Inflammation is essential for survival, and is responsible for organising the defence against infections, and recovery from injuries. A major cell type responsible for driving inflammation, and the recovery from injury is the macrophage. Inflammation, and the macrophages, are strongly regulated by the circadian clock. This is a conserved mechanism which allows anticipation of changes in the environment, eg from light to dark. The circadian clock, or body clock, is able to respond to changes in the environment eg light, and feeding time, and alters how cells, tissues, and whole animals respond to infection, or injury.
There remains a massive burden of chronic inflammatory disease, with associated metabolic co-morbidity. For example, rheumatoid arthritis (RA) is prevalent, and even with effective treatment is associated with accelerated cardiovascular disease. The group has discovered that the circadian organisation of energy balance is disturbed by inflammation.
The circadian clock also plays a very important role in energy metabolism. The clock affects appetite, and feeding behaviour, as well as regulating how energy is stored in the body, how fat is stored during the day, and released for use as fuel overnight when fasting. Energy metabolism is also regulated by inflammation. The critical role for the circadian clock in both inflammation and energy metabolism, and the abnormal energy metabolism seen in chronic inflammation led us to test if the circadian organisation of energy metabolism was disrupted by inflammation.
The group made several surprising findings. They found that the macrophages, essential for inflammation, and tissue repair, lost their circadian clock in inflamed joints. They have identified two major macrophage phenotypes affected by the core circadian machinery. In one BMAL1 action affects inflammatory cytokine response, in a REVERBa dependent manner. In the second the macrophage cytoskeleton, migratory, and phagocytic activity is high inhibited by BMAL1, in this case in a REVERBa independent and RhoA dependent manner. The group has been investigating the BMAL1 mechanism of action, using primary macrophages harvested from animal at distinct circadian phases, with and without BMAL1. These studies have identified a network of genes that are circadian phase, and BMAL1 dependent.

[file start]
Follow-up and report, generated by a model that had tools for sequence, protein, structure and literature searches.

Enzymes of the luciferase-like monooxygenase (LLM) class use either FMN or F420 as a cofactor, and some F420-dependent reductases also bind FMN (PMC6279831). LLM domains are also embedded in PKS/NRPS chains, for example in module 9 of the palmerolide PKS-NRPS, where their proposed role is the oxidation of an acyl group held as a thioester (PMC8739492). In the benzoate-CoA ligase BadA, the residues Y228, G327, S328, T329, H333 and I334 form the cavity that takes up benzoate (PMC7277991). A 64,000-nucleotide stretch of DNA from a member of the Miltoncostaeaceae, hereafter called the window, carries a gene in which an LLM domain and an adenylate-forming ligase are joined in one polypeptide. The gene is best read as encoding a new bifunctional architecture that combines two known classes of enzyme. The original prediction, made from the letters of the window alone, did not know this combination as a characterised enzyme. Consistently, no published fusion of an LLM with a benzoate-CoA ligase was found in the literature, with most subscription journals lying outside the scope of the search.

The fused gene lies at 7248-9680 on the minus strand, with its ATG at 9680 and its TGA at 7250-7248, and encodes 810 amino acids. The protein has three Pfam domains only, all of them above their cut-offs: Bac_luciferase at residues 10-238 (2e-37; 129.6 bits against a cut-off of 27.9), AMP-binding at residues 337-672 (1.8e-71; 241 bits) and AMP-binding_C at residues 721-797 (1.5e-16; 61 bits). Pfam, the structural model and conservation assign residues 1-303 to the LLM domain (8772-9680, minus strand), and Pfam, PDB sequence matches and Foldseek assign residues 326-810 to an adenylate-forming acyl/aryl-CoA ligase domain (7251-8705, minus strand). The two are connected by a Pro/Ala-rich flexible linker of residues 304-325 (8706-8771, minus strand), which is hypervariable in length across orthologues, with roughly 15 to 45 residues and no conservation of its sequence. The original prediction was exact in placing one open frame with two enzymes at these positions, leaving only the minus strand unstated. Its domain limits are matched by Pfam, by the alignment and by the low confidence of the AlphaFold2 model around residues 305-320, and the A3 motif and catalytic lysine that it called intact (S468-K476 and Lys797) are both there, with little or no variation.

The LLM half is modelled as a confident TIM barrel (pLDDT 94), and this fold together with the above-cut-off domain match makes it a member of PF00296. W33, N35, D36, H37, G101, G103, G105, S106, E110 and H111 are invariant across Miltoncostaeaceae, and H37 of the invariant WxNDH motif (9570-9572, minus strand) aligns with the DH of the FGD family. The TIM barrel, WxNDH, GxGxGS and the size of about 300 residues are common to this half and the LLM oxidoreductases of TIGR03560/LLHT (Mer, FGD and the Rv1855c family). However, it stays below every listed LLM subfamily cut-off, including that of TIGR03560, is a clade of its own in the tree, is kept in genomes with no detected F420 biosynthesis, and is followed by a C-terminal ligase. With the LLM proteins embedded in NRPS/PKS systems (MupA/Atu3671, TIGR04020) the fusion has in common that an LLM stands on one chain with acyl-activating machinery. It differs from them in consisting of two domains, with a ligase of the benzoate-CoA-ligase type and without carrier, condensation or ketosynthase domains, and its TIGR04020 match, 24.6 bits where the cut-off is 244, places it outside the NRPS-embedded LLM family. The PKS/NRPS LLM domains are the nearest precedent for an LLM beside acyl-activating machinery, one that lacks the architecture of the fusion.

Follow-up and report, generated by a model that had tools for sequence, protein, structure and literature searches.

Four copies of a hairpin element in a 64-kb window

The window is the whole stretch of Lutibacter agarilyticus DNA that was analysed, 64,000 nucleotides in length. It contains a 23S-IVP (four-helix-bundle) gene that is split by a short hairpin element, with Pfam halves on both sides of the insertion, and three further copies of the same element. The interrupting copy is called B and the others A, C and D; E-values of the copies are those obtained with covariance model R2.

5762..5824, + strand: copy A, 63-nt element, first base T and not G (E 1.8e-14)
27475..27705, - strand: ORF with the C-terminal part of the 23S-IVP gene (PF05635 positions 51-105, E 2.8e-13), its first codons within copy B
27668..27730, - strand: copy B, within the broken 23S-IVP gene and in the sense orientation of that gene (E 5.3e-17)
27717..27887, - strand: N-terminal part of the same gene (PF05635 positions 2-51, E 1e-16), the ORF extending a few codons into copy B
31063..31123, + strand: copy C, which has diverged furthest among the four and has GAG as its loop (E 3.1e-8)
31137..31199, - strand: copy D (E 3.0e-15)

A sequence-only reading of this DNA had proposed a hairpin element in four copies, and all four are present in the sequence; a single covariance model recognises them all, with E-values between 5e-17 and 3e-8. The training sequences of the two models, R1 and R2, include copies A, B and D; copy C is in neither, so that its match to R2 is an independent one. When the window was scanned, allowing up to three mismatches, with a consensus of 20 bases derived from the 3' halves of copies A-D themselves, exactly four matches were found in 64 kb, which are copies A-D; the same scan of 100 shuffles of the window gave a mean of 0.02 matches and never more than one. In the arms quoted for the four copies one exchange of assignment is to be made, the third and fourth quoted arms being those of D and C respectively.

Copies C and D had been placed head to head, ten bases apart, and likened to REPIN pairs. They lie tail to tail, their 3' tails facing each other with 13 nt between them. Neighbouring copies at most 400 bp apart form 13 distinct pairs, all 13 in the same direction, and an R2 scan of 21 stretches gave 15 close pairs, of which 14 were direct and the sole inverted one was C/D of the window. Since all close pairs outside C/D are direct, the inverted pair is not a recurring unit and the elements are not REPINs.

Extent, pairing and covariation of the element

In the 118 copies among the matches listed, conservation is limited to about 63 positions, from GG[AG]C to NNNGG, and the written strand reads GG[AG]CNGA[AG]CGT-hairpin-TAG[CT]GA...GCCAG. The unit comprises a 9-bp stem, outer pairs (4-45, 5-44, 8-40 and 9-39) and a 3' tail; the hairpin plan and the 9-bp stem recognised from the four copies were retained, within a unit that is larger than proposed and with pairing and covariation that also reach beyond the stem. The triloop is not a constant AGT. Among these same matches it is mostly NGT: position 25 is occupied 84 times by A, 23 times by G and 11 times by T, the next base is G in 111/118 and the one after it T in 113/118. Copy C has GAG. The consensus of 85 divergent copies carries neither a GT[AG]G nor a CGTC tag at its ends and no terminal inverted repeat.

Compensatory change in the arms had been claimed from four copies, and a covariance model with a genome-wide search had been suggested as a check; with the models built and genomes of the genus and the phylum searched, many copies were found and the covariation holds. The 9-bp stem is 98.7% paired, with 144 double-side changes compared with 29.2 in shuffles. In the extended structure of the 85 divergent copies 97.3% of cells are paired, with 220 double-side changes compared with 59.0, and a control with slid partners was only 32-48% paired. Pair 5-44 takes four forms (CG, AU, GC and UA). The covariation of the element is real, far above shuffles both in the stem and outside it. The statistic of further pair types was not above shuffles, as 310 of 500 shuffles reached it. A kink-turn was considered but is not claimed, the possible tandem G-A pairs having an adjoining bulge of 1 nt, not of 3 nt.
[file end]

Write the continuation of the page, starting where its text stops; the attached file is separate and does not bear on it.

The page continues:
The group discovered that the circuits in the liver responsible for storing, or using fat, and other essential nutrients showed a change in circadian organisation. They discovered that fatty acids were being driven to form ceramides. These molecules were accumulating in liver, and muscle. Experimental manipulation of ceramides impacted the circadian amplitude in isolated liver cells.
In summary, the circadian machinery is responsible for regulating diverse elements of the inflammatory response. There are clear and direct actions through BMAL1 in the effector macrophages, and also we see actions on the systemic regulation of energy metabolism. Here, Professor Ray proposes that an adaptive response to acute inflammation becomes maladaptive, and may contribute to delayed resolution of inflammation, through the propagation of bioactive lipid species of the ceramide class.